Latest COVID wave appears to have peaked in B.C., say independent researchers

There had been dire warnings they would potentially break B.C.’s health care system, but the BA.4 and BA.5 variants of COVID-19 don’t appear to have had that effect.

A group of independent COVID-19 modellers, made up of various experts, says it looks like the most recent wave of the pandemic has peaked.

“Although the BA.5 variant does have mutations that does allow it to escape immunity and hide from our immune system, that’s of course only partial and we do have strong immunity in B.C. from vaccinations and from past infections,” explained Caroline Colijn, a Canada 150 Research Chair at SFU and part of the modelling group.

“So, those things put together have led the BA.5 wave to be pretty small in B.C., smaller than BA.2 we think and, of course, much smaller than BA.1. And that’s also partly probably [because of] summer, that people are enjoying good weather and being outside and probably reduced indoor contact.”

Colijn thinks the wave could have been worse.

“I think there were signs from the mutational profile of the virus and from the early rate of growth that it could have been a larger surge that took longer, but as we saw, it seems to have been a relatively small surge. There are still quite high levels in some of the wastewater signal … and it looks like hospitalizations hadn’t yet peaked in the last data point towards the end of July.”

Despite this, Colijn stresses it doesn’t mean we’re anywhere near close to being done with COVID-19.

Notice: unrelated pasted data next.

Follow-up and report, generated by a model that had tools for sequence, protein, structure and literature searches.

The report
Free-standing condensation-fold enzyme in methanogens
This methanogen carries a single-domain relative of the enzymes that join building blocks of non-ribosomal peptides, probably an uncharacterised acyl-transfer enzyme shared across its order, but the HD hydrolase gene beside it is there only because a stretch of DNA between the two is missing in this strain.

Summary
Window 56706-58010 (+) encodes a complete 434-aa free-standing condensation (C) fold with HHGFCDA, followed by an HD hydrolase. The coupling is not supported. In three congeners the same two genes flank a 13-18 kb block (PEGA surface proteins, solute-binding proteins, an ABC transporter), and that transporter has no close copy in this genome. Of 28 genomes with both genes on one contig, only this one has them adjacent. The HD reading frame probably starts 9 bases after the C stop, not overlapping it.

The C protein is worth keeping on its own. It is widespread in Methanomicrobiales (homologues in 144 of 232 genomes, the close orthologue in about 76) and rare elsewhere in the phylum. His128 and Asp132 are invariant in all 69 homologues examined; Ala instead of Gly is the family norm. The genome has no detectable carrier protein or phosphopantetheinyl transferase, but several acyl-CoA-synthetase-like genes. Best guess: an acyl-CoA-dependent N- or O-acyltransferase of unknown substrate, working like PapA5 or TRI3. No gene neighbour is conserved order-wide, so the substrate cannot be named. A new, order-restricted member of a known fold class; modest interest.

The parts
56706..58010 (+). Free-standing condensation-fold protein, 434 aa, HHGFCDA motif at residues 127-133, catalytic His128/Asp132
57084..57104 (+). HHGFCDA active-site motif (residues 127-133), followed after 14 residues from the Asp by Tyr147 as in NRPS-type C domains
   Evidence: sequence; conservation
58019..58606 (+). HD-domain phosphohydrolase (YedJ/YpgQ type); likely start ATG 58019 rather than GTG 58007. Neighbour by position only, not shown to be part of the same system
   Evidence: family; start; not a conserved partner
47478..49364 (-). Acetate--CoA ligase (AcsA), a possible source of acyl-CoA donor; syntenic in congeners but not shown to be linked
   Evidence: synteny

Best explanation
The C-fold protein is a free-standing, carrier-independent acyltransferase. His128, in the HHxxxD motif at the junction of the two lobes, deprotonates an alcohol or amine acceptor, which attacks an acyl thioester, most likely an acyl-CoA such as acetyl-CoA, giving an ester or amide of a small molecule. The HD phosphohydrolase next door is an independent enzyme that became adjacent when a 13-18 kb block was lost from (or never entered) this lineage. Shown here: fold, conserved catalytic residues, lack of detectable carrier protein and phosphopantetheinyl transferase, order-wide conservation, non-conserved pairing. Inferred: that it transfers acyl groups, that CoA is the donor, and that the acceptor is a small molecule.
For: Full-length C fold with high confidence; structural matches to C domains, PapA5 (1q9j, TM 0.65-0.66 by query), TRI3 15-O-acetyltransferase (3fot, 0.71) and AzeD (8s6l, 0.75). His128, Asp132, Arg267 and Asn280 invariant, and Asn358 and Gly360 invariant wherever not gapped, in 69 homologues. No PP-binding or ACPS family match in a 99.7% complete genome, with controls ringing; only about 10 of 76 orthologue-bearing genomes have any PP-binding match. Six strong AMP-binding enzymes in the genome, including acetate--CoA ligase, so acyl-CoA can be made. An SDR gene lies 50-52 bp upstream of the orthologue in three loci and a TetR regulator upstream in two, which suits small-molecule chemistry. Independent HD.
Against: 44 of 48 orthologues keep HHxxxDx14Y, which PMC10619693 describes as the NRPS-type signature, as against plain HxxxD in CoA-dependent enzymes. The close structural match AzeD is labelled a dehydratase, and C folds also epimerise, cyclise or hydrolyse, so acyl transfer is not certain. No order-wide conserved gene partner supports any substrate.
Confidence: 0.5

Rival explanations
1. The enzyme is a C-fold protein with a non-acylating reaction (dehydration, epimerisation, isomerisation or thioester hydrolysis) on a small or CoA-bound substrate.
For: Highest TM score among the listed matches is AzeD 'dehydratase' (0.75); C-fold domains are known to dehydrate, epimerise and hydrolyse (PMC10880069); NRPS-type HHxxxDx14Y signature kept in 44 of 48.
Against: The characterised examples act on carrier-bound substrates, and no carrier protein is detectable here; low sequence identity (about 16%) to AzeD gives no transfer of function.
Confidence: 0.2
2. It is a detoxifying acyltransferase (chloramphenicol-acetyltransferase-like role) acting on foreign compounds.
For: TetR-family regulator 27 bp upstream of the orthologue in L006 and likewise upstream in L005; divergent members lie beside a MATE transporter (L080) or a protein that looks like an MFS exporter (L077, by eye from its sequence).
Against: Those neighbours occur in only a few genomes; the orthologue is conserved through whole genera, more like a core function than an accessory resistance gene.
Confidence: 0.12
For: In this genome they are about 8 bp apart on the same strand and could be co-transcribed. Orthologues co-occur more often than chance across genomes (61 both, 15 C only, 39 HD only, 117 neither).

“I think we should remember infections do happen on the way down. It’s not that when a surge starts to recede that, ‘OK, there are no more infections now.’ People do still get infected, and I think COVID is still with us and we will see new evolution,” said Colijn, who adds experts are not seeing signs of something that is not Omicron that’s arriving right now.

As we head into the fall and winter, Colijn admits it’s not easy to predict what will happen with the virus.

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However, Colijn points out it’s possible we’ll see another uptick in cases as people head back indoors and return to their regular schedules.

“I think we need to be aware of that and we need to be planning for boosters in the fall and that can protect people from disease if they do get infected and especially after a booster you’re protected fairly well from infection and that can really reduce transmission. I think we’ll look to that and I think we’ll keep monitoring the virus internationally and locally for what it’s doing and whether there are signs of new viruses, new types of COVID that are emerging that might require a response.”

Colijn stresses the importance of taking the same precautions we have been for a couple of years, including social distancing and wearing a mask indoors, as we move forward.

The provincial government says it has enough vaccine supply right now for second boosters to be rolled out in the fall but has not given an exact date for when that will happen.

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